fiddler

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Synonyms for fiddler

a musician who plays the violin

someone who manipulates in a nervous or unconscious manner

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an unskilled person who tries to fix or mend

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References in classic literature ?
In the Opera House a crowd had gathered to see a show and further down Main Street the fiddlers, their instruments tuned, sweated and worked to keep the feet of youth flying over a dance floor.
So words and tears were of no avail; the parson was sent for, and she was married to the fiddler.
Then the fiddler went his way, and took her with him, and they soon came to a great wood.
But the princess knew nothing of making fires and cooking, and the fiddler was forced to help her.
I am the fiddler who has lived with you in the hut.
The waltz in the back room being finished, the three couples, followed by the fiddler and the pianist and heading for the bar, caught Daylight's eye.
But the great effect of the evening came after the Roast and Boiled, when the fiddler (an artful dog, mind.
At the same time, they were very neatly dressed, made no collection, refused the halfpence offered them; and the people around could not understand the conduct of this rustic fiddler, who tramped the roads with that pretty child who sang like an angel from Heaven.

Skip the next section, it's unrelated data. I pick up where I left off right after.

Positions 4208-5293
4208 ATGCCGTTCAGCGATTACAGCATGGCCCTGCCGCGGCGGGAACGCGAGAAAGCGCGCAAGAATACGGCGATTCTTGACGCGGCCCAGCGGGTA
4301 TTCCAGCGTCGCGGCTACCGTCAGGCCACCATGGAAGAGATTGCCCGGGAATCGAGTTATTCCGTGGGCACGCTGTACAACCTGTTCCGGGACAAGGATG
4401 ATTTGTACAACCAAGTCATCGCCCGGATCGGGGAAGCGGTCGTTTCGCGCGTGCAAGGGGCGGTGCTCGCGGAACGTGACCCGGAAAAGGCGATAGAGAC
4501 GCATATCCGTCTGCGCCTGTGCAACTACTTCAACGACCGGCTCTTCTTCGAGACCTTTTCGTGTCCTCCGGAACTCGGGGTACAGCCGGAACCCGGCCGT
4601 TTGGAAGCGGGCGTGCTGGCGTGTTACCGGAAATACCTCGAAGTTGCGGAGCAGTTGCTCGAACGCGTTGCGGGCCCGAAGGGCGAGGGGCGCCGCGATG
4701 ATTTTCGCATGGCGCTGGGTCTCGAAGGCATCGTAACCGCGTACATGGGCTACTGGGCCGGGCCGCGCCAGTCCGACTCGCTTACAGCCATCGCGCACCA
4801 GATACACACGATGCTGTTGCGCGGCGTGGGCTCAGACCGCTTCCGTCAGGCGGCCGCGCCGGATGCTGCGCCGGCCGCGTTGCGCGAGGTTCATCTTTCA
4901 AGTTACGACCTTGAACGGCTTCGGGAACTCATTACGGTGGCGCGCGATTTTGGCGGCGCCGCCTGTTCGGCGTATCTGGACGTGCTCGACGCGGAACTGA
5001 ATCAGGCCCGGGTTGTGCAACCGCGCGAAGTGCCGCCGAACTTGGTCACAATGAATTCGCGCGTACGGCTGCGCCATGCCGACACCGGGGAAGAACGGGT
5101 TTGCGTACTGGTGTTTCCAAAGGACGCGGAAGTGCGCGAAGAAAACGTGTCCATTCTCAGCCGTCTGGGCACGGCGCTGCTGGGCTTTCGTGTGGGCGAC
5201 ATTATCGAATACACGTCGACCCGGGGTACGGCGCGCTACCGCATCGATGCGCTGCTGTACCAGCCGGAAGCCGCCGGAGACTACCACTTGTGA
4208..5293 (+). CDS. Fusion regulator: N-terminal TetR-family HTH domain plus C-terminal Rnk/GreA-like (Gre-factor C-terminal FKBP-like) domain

Then they tucked the old man into a beauti- ful room, which was the spare room, and in the night some time he got powerful thirsty and clumb out on to the porch-roof and slid down a stanchion and traded his new coat for a jug of forty-rod, and clumb back again and had a good old time; and towards daylight he crawled out again, drunk as a fiddler, and rolled off the porch and broke his left arm in two places, and was most froze to death when somebody found him after sun-up.
A fiddler who was present, and who appeared to act as the appointed minstrel of the company, forthwith struck up a Scotch reel; and that in tones so invigorating, that Hugh and his friend (who had both been drinking before) rose from their seats as by previous concert, and, to the great admiration of the assembled guests, performed an extemporaneous No-Popery Dance.
The corpulent black fiddler, and his friend who plays the tambourine, stamp upon the boarding of the small raised orchestra in which they sit, and play a lively measure.
Instantly the fiddler grins, and goes at it tooth and nail; there is new energy in the tambourine; new laughter in the dancers; new smiles in the landlady; new confidence in the landlord; new brightness in the very candles.
Many a church member saw I, walking behind the music, that has danced in the same measure with me, when Somebody was fiddler, and, it might be, an Indian powwow or a Lapland wizard changing hands with us
why, at one of her swarreys I saw one of 'em speak to a dam fiddler --a fellar I despise.
The Fiddlers Green sculpture, which cost PS75,000, on the North Shields Fish Quay.